Unfortunately, the reality is WWE 2K15 remains largely unchanged from the past few years, and what new stuff we do get seems to have been designed by people who don’t necessarily understand wrestling or what fans want out of a wrestling game.
You’re right to look disappointed, Randy.
As is usually the case with anything pro wrestling, it’s best to begin with the basics – does WWE 2K15 bring it in the ring? Well, it does and it doesn’t. WWE 2K15 is much more deliberate than, say, Yuke’s earlier, more arcade-like Smackdown titles, and it does a solid job of replicating the ebb and flow of a typical WWE bout. Matches tend to be quick (most are under five minutes), start with a feeling out process, move onto a lot of repetitive clubbering and holds, then end in a quick flurry of signature moves and finishers. If accuracy is your one and only concern, WWE 2K15 is one of the best wrestling games ever, but is it actually fun to play?
A good wrestling game needs to be true to the sport, but it also needs to give players a feeling of control and agency, and the latter is where 2K15 eats canvas. The game’s matches feel canned – there’s a very specific way to win in WWE 2K15, and the game does not abide any creative solutions.
The most significant addition to the formula is the new chain-wrestling system. Basically, the first three or four grapple attempts in a match will result in a mini-game that has you vying for headlocks and arm-wringers with your opponent. Unfortunately the mini-game and the buttons you’re pushing feel divorced from what’s happening on the screen. At first the chain wrestling is completely baffling, particularly since the game does very little to explain the mechanic, but once you get a hang of it, the difficulty curve swerves the other way. Admittedly, I’m not terribly proficient at WWE 2K15, but I am good at the chain-wrestling mini-game – so good that I can usually deplete half my opponent’s life with wristlocks and shoulderblocks within in the first minute-or-so of a match.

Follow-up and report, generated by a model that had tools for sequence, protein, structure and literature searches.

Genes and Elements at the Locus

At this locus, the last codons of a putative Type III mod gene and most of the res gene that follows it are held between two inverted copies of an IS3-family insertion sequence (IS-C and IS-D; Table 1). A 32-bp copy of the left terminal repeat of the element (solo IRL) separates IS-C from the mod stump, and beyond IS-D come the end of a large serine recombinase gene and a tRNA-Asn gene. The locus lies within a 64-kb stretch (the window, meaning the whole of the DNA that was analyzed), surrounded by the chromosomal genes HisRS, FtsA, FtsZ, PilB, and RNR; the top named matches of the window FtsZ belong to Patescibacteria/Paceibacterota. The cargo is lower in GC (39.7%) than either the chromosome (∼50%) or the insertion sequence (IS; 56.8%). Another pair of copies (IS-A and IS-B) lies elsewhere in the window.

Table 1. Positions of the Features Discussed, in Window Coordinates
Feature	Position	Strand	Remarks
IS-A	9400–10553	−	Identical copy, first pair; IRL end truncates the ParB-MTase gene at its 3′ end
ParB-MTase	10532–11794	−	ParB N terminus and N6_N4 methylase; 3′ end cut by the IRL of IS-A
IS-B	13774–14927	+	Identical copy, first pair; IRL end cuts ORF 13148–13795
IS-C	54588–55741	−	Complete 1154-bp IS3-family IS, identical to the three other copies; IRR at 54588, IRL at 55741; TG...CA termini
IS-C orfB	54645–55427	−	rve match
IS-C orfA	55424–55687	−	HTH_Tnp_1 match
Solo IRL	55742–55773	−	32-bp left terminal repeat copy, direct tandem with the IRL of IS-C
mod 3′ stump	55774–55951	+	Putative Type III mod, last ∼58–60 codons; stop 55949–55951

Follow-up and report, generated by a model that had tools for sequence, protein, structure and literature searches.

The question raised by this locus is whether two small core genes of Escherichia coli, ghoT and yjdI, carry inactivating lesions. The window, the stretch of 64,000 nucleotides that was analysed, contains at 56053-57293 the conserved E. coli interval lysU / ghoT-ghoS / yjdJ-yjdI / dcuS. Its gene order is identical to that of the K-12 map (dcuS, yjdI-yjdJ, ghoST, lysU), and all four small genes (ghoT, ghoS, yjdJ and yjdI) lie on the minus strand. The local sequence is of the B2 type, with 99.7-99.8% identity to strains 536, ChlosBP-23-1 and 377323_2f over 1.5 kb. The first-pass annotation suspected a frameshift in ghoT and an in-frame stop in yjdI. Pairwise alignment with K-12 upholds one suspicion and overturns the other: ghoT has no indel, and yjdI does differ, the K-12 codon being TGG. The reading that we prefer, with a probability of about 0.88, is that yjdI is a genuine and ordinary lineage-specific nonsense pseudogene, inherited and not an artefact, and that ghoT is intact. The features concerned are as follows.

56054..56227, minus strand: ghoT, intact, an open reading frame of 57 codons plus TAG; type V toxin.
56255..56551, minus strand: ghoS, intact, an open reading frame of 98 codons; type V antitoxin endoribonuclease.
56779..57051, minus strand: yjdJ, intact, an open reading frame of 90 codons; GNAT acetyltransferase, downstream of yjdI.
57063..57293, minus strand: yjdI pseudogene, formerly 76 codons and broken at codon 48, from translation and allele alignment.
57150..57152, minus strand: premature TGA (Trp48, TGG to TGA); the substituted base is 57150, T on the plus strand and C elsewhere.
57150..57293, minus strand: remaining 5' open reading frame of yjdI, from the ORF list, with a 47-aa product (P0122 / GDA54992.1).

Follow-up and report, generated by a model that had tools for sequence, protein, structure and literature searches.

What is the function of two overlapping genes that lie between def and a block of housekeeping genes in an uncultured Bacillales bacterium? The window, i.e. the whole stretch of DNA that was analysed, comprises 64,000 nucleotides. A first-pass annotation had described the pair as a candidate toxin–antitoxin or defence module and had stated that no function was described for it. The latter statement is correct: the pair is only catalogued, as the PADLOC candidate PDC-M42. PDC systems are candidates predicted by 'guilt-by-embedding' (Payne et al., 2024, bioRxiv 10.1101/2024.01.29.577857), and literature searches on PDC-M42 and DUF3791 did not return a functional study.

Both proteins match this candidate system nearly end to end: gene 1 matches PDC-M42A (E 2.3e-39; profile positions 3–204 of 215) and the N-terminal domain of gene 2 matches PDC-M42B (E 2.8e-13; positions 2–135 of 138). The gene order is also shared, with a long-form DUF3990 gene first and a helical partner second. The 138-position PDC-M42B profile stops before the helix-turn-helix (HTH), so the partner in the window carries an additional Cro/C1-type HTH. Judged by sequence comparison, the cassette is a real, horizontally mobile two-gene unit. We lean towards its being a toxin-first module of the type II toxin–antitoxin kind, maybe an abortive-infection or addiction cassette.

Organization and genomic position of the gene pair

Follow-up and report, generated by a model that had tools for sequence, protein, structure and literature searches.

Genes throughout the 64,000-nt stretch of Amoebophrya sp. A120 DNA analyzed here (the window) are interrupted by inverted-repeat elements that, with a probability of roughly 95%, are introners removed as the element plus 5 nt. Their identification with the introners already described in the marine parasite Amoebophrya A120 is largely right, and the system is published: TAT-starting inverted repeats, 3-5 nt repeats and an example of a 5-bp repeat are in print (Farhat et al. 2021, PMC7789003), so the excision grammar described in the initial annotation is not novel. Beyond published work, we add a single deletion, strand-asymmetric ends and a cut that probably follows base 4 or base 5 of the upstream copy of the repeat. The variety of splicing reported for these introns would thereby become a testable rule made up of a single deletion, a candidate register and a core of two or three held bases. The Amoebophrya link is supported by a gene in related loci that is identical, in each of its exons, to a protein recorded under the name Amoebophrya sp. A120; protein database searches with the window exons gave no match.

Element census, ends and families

Once the chain-wrestling is done, things settle back down into the punch, kick, normal grapple, strong grapple system anybody who’s played a wrestling game in the last 20-years should be familiar with. This would be fine if it weren’t for the game’s annoying fixation on reversals. The reversal buttons pops up over your head almost constantly, and the AI reverses at least half (more like 60%) of the moves you attempt. Really, whether you win or lose comes down almost entirely to how accurately you can tap the R2 button. That’s it. There’s not a lot of other ways to gain an advantage or change the flow of a match – you’ll find yourself just standing still, waiting for your opponent to throw a punch so you can try to reverse it, because making the first move is basically never worth it.
This may look cool, but it’s almost certainly going to be reversed.
Thankfully, matches do become more satisfying towards the very end. Everybody has a couple signature moves, and hitting one of them usually earns you an immediate finisher. Hitting CM Punk’s corner knee and bulldog then immediately going for the GTS is undeniably gratifying and if, by some miracle, you opponent kicks out, the game can become a fairly gripping race to see who can get another finisher the fastest. So yes, WWE 2K15 finishes well, but until those exciting final moments, things are often about as exciting as watching The Usos wrestle Gold and Stardust for the 700th time.